Saturday, September 01, 2012

Film review: Amu directed by Sonali Bose

Sonali Bose’s debut film Amu is a story of an adopted NRI child, played out by Konkana Sen Sharma, who returns to her family in India to film the ‘real” life of India, but gets caught up in the discovery of her own roots in India.

Kajori Roy, fondly called Kaju, is fresh out of the States complete with twang and all and is here trying to capture India in the raw. Kabir, (Ankur Khanna) is not entertained by the thought but helps her to capture as much as she can get out of India, that is Delhi, where the film was shot. This leads Kaju to Kalyanpuri, the central hub of where the 1984 riots and massacre against the Sikhs took place after the gunning down of the then, Prime Minister of India – Smt Indira Gandhi. To her horror, Kaju discovers that her own origin was from there, quite unlike what her mother, Keya Roy, played out by Brinda Bose had told her. In a medley of events, research and angst of finding out her real parents and whether they were still alive, Kaju and Keya, hit a new level of understanding, compassion and empathy, as they jointly clear the cloud and the misunderstanding covering the past of Keya’s adoption and Kaju’s true identity, which is really enmeshed in the happenings, the carnage and the loss thereafter, of her entire family in the riots. Kaju is Amu, the only surviving child of her parents adopted by Kajori Roy, because the circumstances lead her to do so.

The film travels through the pathos of lives that survived the carnage and what became of them. It is truly worth seeing.

In an effort to present perhaps a personal history, Sonali Bose’s film, leaves the viewer wondering on two things:
(a)    The film was lack luster if one looked at it from the point of view that here was one Kaju coming to film a country her genes belonged to.
(b)   However, the viewer find themselves suddenly having to deal with Kaju’s own origin, and her personal history.
(c)    Worse still, the viewer must now be forced to see the carnage of the 1984 riots and the repercussions, which wind around Kaju’s own life as well.
The viewer wonders: What is the film maker trying to deal with? Is it the NRI sudden and ridiculous eye on in the India that is poor? Or is it the story of Amu coming out finally from its obscured past, even hidden and forgotten? Or is it the story of the riots of 1984 being played out so that history never forgets what happened then? How State sponsored violence can be planned and executed? What is the real message of the film?
The answer is in all. You may like to view the film for its attempt at trying to revive the memory of the past. You may also like to view the film for it very close brush with perhaps the real story of adoption, of the film maker herself, which can be seen as a plausible reason why there is a sense of confusion the viewer is left with, which probably reflects the film maker’s own person confusion on this matter. However, she has tied it up very beautifully at the end. The Kaju you meet at the beginning of the film, is matured, more thoughtful, albeit not so bubbly.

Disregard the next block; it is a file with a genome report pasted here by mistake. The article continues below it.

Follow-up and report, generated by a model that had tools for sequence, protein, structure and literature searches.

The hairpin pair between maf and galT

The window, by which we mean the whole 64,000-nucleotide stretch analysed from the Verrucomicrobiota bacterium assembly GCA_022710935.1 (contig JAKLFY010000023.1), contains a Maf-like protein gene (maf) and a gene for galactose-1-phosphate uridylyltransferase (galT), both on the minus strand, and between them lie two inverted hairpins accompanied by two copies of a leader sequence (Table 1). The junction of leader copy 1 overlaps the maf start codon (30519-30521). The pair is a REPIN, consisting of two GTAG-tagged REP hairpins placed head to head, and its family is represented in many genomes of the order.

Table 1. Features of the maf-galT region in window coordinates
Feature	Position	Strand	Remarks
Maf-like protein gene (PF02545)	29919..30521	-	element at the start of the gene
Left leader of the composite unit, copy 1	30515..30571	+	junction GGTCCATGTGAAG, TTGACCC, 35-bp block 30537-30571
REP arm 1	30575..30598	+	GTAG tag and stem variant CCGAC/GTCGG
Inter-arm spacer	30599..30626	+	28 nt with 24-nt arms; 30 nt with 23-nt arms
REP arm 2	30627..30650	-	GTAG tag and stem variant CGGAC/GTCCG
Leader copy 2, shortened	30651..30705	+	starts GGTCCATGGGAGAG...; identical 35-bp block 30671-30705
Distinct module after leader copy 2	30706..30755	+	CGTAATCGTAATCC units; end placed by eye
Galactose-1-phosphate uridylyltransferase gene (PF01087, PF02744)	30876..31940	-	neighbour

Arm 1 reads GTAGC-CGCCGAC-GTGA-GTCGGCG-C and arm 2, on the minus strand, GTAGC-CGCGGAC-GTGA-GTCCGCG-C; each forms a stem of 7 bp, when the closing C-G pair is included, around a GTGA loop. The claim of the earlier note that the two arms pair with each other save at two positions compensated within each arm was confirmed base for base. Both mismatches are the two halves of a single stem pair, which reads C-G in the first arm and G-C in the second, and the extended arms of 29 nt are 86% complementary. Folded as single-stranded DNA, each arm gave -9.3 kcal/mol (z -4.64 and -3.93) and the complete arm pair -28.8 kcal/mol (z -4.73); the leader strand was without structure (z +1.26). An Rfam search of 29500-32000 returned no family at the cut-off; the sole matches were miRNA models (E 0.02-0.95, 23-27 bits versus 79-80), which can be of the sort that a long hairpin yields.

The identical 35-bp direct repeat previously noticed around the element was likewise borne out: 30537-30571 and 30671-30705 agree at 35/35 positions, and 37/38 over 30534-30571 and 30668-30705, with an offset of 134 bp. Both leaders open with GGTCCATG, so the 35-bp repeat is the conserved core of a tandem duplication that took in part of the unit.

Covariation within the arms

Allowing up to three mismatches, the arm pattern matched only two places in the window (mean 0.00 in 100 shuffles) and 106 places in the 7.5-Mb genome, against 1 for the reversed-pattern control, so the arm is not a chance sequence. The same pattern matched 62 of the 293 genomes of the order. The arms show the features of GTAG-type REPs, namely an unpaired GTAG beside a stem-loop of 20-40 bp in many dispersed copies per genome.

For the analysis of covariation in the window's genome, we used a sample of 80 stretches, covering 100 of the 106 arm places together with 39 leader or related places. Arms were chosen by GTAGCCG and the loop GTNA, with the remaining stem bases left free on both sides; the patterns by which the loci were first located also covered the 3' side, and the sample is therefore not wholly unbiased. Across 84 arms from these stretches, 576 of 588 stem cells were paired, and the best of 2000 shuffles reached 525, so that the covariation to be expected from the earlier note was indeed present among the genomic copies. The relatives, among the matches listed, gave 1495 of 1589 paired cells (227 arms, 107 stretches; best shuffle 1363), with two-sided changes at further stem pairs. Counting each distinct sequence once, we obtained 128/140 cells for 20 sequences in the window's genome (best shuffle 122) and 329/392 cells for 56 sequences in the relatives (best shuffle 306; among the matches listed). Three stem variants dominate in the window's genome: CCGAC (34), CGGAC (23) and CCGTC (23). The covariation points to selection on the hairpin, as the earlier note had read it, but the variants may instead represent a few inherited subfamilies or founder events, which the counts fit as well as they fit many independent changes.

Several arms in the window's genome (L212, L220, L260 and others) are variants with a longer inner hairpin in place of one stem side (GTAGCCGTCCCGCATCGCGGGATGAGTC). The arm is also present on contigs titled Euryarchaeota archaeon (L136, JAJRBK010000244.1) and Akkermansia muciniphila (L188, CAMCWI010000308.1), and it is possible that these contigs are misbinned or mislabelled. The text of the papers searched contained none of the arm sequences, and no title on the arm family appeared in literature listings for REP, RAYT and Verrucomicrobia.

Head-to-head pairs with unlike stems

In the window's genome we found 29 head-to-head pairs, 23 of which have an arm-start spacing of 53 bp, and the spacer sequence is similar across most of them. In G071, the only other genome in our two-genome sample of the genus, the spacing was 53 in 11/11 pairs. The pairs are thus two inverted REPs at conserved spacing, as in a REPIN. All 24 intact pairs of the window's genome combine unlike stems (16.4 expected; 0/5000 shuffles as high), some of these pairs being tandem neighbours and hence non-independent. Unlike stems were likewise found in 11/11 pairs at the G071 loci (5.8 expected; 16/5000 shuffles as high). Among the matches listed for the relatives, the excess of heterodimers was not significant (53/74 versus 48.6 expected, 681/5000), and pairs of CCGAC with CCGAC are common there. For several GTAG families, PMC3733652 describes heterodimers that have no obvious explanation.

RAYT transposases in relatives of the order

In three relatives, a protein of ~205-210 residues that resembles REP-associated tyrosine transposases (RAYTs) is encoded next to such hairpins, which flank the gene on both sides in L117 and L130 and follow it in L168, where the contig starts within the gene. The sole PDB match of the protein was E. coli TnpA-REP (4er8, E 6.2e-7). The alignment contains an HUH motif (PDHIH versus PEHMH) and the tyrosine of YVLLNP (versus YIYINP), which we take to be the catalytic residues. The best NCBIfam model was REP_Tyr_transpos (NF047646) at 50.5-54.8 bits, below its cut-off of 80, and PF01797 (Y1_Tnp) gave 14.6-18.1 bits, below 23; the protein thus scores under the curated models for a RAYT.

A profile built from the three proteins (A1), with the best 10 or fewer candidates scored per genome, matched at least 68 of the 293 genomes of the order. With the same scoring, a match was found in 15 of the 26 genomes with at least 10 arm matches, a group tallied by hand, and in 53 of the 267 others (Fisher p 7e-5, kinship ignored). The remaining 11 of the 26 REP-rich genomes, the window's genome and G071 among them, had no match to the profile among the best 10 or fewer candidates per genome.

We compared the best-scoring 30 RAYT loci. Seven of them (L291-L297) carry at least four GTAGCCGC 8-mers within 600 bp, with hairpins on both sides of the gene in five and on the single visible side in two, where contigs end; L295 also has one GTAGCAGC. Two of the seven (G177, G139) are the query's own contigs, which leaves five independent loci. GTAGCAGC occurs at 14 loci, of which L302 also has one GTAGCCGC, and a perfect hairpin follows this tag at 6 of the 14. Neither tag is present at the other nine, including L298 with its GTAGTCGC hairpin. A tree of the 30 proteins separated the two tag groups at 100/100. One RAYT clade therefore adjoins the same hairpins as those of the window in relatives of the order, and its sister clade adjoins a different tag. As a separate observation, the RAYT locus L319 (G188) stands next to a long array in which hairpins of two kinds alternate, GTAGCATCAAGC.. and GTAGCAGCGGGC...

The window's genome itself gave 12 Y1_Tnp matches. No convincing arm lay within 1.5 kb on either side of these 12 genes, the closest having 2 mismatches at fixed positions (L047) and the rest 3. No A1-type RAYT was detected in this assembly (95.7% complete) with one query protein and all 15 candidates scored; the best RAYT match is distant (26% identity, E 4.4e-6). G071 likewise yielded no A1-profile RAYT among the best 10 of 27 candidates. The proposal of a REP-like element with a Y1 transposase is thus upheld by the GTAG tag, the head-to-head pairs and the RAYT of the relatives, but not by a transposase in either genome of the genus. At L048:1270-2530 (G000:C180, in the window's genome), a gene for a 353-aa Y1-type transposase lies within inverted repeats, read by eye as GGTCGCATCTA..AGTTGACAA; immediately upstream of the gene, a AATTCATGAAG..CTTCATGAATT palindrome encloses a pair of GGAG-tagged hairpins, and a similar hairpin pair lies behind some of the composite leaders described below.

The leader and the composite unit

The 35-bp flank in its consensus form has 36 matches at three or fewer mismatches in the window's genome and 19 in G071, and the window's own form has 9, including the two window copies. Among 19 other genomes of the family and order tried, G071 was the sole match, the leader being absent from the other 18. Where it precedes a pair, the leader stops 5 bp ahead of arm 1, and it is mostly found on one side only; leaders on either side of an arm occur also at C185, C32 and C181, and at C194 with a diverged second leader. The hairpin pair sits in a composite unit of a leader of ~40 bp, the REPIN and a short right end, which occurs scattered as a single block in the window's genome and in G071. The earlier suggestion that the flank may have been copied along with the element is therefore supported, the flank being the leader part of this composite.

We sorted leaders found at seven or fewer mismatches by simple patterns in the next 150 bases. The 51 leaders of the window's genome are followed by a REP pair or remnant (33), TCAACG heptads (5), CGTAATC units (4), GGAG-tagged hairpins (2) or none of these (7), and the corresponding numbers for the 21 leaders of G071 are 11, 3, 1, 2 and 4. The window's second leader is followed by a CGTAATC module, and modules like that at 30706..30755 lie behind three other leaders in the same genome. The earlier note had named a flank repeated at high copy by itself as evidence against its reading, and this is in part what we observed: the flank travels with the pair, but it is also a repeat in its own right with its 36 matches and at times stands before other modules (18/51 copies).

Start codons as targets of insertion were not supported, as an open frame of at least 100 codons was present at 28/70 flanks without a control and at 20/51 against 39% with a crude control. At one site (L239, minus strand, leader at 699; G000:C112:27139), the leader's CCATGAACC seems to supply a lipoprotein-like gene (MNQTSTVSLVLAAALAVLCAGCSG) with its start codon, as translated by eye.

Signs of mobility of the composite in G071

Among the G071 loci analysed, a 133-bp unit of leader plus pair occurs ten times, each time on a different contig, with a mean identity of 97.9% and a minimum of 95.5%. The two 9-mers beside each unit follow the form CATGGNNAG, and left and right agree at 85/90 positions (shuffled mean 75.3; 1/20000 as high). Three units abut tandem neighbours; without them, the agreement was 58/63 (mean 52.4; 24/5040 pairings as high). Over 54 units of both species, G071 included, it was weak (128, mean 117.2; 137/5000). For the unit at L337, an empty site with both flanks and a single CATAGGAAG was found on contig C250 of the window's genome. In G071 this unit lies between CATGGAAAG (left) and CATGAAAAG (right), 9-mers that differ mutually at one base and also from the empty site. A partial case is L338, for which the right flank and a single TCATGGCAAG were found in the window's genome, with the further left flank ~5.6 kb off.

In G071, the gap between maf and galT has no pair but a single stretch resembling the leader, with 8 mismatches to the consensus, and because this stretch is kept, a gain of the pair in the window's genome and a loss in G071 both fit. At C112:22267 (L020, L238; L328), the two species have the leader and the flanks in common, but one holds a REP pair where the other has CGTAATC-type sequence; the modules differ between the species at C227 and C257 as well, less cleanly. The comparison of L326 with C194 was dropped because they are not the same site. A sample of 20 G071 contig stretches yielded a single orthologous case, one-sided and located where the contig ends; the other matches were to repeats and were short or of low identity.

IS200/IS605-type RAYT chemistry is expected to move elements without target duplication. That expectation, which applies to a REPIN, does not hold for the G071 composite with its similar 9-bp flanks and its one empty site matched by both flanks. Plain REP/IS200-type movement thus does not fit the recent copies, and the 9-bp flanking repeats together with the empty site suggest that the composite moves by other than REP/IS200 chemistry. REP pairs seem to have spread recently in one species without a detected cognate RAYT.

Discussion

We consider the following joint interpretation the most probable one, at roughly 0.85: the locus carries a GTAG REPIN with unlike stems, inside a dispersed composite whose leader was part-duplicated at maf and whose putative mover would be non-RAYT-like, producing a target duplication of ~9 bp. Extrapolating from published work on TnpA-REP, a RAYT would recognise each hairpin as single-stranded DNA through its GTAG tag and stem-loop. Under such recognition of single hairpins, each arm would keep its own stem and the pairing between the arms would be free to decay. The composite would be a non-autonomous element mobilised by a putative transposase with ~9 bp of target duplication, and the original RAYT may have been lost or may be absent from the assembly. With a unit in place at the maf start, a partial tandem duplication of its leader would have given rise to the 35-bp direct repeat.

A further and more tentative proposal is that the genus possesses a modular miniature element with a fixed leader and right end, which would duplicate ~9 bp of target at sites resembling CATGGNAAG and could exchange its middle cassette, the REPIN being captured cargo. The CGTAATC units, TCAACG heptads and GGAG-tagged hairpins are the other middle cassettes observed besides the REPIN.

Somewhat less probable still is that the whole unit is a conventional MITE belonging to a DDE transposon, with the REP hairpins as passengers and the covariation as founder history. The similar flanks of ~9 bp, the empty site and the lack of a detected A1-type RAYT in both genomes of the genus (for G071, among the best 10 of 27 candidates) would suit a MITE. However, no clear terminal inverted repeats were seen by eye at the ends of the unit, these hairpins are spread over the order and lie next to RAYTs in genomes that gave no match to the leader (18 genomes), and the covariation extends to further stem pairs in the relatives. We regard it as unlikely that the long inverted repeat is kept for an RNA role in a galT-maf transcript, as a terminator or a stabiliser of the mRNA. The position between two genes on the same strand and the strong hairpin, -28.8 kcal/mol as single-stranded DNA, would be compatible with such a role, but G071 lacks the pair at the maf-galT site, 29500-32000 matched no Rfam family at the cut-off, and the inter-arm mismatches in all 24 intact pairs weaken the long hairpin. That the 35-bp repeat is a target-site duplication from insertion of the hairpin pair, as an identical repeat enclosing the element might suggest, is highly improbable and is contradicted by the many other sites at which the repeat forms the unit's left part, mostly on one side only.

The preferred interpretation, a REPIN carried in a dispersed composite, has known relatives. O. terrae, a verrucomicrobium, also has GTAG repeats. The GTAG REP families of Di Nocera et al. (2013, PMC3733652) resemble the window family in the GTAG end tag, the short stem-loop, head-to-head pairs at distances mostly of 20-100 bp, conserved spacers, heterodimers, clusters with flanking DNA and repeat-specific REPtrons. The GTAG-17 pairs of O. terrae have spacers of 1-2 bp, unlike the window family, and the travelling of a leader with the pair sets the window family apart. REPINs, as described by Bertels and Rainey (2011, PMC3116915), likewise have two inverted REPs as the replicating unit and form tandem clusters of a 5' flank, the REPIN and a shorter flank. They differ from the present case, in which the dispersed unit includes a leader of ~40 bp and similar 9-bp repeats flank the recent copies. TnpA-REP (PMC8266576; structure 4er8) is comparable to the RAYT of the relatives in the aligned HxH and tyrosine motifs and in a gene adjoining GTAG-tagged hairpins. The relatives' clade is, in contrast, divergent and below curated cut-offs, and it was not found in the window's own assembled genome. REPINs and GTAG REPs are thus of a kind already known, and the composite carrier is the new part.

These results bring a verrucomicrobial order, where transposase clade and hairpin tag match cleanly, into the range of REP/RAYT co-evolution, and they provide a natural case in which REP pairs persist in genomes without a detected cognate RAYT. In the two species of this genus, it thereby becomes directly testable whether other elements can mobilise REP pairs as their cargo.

Brinda Karat was fabulous and the mother-daughter, relationship built by Keya Roy and Konkona Sen Sharma as Kaju is indeed, beautiful and so real.

Cast ( Only one Big Starer)
Konkona Sen Sharma as Kajori Roy
Brinda Karat as Keya
Ankur Khanna as Kabir
Kuljeet Singh as Gurbachan Singh
Bharat Kapoor as Arun Sehga
Lushin Dubey as Meera Sehgal

2005: National Film Award: Best Feature Film in English
2005: FIPRESCI Critics Award.
2005: Gollapudi Srinivasa National Award – Best Debut Director (India)
2005: Teenage Choice Award, Torino, Italy (Cine donne Film Festival).
2005: Jury Award, Torino, Italy (Cine donne Film Festival).
2006: Star Screen Award – Best English Film (India)

External links (via Wikipedia)
Back in time: Immediate cause leading up to the 1884 Sikh Riots:

Which then lead to the assassination of India Gandhi followed by State Sponsored carnage and brutality at Kalyanpuri and Trilokpuri in East Delhi and indeed other areas of Delhi which had a high population of Sardars. The two neighbouring areas of Trilokpuri and Kalyanpuri were donated by Indira Gandhi to Sikh famililies and indeed, these areas saw extreme loyalty to Mrs Indira Gandhi. The complex issue has been studied and painstakingly researched by Uma Chakravarti and Nandita Hasker and published in a book called - The Delhi riots: three days in the life of a nation (Buy: )

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